Reynoldsburg City Council's decision gives renters more options to pay security deposits
Many renters in the city of Reynoldsburg soon will have options when it comes to paying a security deposit.
Reynoldsburg City Council voted 5-1 on May 10 to establish a new chapter in the city’s codified ordinances governing “landlord-tenant relationships,” the latest effort aimed at renters and rental properties.
The legislation, which goes into effect 30 days after its passage, makes security deposits more affordable by requiring “residential landlords to provide tenants with alternatives to a traditional security deposit,” according to legislation presented to council.
“It’s commonly referred to as renter’s-choice legislation,” City Attorney Chris Shook said. “It provides either an option to purchase a security-deposit insurance, to pay monthly premiums for their security deposit or to pay an amount of no more than 50% of what the monthly rental rate would be.”
At-large councilman Barth Cotner cast the lone vote against.
The legislation gives renters the option to split security deposits into 11 monthly installments, pay a reduced security deposit over six installments or obtain security-deposit insurance in lieu of paying a lump sum security deposit. It would be the responsibility of the tenant to obtain security-deposit insurance.
The law applies only to landlords who own and control more than 10 rental units.
Landlords who fail to comply can be subject to up to $500 in damages and attorney costs per violation, according to the legislation.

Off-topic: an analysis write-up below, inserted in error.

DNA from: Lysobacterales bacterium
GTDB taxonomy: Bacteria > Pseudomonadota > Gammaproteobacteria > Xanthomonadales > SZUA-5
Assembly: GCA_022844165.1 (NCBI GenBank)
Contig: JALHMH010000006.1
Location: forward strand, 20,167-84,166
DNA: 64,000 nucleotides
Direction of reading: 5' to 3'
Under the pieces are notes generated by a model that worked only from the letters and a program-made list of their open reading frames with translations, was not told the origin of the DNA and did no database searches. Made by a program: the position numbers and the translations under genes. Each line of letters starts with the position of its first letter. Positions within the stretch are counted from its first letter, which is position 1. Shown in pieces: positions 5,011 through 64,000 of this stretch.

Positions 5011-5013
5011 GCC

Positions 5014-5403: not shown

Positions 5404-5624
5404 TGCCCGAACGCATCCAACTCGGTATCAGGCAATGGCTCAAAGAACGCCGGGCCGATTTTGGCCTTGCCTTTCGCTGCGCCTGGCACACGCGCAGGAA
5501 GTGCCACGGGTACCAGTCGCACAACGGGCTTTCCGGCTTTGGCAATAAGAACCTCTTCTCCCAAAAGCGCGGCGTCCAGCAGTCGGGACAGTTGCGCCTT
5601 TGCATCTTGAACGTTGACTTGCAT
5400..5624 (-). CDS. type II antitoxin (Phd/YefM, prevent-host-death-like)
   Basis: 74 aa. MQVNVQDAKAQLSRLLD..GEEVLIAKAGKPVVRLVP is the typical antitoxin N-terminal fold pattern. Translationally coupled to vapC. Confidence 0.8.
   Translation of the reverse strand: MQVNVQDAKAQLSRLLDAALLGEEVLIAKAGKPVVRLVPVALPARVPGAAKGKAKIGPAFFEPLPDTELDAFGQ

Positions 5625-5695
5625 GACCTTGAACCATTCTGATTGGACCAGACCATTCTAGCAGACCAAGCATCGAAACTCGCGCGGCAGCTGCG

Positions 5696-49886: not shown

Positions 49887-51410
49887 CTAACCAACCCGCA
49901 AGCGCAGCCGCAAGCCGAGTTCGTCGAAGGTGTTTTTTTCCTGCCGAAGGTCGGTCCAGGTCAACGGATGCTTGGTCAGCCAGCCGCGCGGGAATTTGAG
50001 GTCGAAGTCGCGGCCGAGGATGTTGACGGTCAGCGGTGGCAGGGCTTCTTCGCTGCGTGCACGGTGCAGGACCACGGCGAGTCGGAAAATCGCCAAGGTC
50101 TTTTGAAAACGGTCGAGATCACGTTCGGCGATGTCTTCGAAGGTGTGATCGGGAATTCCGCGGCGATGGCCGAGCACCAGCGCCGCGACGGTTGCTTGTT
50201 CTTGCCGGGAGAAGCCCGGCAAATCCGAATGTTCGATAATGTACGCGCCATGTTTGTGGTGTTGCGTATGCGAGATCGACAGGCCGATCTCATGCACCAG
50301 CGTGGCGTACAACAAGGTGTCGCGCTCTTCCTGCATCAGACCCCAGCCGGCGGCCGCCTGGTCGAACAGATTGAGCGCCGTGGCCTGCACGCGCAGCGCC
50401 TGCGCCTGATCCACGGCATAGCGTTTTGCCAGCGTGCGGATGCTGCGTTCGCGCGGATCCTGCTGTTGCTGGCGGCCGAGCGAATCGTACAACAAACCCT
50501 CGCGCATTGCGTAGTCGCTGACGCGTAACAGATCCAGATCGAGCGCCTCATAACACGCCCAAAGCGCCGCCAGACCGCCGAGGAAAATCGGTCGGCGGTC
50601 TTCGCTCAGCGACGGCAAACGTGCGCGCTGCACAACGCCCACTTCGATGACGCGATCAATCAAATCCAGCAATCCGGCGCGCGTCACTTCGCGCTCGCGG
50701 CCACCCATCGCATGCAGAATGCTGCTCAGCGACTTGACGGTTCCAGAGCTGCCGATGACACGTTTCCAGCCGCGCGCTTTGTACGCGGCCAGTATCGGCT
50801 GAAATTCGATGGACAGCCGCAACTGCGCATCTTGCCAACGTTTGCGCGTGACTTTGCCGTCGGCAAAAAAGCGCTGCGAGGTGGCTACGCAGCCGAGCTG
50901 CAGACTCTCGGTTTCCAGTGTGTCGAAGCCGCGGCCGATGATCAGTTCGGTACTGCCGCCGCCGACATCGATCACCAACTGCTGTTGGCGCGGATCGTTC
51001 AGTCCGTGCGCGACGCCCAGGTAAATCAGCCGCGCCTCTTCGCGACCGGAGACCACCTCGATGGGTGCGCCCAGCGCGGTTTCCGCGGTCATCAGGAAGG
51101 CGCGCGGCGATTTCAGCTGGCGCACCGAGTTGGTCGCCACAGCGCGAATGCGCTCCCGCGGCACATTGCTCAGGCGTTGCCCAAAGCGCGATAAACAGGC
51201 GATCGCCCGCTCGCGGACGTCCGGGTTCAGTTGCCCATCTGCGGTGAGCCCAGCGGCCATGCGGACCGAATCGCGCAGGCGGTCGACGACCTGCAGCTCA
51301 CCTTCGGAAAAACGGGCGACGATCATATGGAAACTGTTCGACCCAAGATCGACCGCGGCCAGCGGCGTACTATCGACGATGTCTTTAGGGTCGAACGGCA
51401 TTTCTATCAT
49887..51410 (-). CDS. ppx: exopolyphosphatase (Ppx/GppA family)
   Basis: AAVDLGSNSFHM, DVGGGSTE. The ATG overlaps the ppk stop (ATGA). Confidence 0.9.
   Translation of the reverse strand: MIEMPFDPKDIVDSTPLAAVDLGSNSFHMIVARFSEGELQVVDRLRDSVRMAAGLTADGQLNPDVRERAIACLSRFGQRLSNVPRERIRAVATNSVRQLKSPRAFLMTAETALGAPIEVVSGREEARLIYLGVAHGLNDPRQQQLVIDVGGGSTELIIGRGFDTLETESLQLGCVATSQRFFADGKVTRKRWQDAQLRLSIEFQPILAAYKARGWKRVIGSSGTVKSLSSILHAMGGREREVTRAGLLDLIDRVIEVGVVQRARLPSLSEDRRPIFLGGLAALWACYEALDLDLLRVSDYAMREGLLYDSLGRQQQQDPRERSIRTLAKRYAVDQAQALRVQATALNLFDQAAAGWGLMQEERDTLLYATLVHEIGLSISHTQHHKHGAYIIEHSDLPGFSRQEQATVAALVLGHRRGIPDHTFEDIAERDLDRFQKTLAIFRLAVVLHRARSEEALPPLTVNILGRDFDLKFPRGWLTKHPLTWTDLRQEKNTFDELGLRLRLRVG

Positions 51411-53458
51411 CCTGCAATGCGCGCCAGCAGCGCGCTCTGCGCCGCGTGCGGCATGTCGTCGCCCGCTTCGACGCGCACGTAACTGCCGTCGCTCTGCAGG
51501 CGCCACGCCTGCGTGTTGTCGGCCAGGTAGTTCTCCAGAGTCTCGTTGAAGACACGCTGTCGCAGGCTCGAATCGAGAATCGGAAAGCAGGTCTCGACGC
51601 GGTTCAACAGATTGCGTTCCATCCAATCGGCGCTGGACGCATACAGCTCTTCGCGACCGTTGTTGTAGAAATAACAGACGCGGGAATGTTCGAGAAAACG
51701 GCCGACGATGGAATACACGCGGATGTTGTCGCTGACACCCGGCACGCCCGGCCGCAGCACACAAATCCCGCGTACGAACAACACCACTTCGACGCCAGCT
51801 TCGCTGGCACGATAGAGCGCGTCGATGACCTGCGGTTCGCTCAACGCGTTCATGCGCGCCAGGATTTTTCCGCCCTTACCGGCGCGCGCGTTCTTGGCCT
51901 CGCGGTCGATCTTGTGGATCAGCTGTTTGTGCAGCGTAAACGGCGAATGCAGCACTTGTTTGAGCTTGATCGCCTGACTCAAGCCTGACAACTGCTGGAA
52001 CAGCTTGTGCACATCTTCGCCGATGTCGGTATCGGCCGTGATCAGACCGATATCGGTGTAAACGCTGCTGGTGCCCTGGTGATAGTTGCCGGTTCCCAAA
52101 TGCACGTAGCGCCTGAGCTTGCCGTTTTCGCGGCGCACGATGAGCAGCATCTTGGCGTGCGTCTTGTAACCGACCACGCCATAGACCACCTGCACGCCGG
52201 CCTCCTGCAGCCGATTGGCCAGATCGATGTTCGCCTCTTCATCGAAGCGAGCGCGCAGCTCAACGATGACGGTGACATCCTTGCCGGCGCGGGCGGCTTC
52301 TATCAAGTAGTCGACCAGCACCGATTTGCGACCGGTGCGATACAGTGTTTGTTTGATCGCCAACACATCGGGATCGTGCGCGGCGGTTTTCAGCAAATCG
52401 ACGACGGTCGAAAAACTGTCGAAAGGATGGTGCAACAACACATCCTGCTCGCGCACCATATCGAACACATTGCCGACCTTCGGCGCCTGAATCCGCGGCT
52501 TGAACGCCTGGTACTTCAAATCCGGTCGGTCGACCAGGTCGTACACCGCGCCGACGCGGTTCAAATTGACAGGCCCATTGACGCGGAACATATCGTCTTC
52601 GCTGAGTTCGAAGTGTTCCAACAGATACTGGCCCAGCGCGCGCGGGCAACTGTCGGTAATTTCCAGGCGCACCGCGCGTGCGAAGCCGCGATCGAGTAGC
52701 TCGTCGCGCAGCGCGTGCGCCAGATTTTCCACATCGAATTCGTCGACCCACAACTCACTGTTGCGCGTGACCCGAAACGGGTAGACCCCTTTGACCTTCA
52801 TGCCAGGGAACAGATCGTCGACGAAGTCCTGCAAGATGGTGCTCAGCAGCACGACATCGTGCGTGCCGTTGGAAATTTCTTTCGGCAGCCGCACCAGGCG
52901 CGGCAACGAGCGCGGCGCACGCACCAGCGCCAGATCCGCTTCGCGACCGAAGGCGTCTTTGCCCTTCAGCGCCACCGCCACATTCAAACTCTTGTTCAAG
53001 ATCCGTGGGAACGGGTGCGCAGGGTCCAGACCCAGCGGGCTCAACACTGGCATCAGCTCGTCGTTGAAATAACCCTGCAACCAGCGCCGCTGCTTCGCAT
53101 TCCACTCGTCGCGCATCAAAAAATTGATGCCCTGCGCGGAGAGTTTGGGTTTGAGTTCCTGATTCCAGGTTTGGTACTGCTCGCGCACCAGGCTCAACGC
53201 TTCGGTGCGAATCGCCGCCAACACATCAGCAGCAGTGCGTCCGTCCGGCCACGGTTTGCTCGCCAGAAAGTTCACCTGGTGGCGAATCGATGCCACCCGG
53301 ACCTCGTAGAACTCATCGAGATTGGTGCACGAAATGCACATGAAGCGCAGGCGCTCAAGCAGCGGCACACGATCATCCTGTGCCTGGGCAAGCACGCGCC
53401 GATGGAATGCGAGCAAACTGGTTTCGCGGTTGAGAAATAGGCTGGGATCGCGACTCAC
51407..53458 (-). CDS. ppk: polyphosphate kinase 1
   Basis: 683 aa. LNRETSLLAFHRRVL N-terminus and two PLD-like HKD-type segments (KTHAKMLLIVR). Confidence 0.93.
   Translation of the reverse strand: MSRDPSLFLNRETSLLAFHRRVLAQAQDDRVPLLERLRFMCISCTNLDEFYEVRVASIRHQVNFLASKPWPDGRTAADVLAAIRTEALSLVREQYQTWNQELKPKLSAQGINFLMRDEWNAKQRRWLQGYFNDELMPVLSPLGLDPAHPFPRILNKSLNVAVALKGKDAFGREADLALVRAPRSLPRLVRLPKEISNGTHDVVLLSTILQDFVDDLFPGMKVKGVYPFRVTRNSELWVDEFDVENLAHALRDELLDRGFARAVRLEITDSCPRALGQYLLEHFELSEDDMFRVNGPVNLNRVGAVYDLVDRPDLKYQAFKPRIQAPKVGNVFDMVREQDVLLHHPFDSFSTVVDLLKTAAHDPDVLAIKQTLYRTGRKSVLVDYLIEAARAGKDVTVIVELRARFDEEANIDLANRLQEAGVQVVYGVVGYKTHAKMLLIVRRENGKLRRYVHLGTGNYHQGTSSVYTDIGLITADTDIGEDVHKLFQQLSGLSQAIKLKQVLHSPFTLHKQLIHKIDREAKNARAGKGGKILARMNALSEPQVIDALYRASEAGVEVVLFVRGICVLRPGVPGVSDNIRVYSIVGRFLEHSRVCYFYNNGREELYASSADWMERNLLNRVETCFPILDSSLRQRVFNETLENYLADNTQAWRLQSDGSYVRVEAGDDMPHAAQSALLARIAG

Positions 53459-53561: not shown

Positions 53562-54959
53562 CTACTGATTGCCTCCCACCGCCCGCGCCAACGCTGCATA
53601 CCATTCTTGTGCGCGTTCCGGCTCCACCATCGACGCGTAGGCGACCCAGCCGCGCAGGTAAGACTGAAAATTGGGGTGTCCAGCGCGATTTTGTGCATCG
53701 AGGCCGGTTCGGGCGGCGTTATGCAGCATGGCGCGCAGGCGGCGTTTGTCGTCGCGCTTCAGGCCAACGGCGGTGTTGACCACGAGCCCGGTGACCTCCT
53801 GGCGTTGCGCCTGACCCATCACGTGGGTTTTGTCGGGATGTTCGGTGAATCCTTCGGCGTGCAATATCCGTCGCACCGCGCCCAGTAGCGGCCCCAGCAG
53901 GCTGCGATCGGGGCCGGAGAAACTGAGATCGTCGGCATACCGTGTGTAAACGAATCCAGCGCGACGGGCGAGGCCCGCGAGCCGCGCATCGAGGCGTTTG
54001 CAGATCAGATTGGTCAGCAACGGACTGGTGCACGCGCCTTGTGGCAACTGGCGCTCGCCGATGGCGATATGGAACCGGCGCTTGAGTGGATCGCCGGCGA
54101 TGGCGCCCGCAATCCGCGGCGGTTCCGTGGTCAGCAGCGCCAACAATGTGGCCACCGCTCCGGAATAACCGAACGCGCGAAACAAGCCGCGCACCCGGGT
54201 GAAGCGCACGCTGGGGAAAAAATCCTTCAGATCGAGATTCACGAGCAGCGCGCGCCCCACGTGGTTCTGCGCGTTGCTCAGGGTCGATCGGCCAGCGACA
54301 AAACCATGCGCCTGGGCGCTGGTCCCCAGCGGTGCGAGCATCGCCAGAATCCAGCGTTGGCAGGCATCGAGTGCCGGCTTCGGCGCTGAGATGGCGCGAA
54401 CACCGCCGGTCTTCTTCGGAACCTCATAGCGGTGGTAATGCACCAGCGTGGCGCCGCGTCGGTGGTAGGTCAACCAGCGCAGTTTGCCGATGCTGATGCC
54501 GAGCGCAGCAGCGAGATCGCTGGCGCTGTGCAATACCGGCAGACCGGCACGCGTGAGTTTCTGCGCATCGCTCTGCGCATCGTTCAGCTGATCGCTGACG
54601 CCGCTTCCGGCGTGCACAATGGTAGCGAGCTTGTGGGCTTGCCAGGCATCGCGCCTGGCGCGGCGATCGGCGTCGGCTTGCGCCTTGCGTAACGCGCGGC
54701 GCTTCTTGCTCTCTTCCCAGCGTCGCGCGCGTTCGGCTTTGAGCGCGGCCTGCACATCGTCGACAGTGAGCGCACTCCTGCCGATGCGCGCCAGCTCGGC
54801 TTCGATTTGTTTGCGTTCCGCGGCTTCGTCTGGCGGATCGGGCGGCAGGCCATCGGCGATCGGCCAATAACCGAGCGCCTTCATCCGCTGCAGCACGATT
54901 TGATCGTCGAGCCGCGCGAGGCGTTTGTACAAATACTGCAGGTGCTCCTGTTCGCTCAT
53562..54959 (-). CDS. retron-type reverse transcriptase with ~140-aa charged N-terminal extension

At-large councilman Stacie Baker said he introduced the legislation as way to “break down one of the more common barriers that people face when they’re trying to rent.”
Reynoldsburg in March became the latest Ohio city to add “source of income” to its fair housing law as a protected status under unlawful discriminatory housing practices.
“Veterans, recipients of disability payments, households with rental assistance vouchers and anyone with other governmental or private sources of payment should be protected from discrimination when seeking rental housing solely on the basis of source of payment,” according to legislation presented to council.
Landlords retain the right to use screening criteria, including rental history and credit scores, and still would be allowed to charge security deposits.
The approval followed months of discussions by council and presentations from fair-housing advocates, which say SOI laws support job growth and help maintain affordable housing.
In March council also approved the creation of a registry to track rental properties and landlords in the city, requiring property owners to register and pay a one-time fee of $25 for each dwelling unit.
Multi-family buildings will be charged $25 per unit up to the first five units per structure and nothing for additional units in the same building.
Although all rental-property owners will be required to register, officials said the registry likely will not be used to target minor violations like trash and overgrown grass, which are violations typically caused – and remedied – by the tenant, officials said.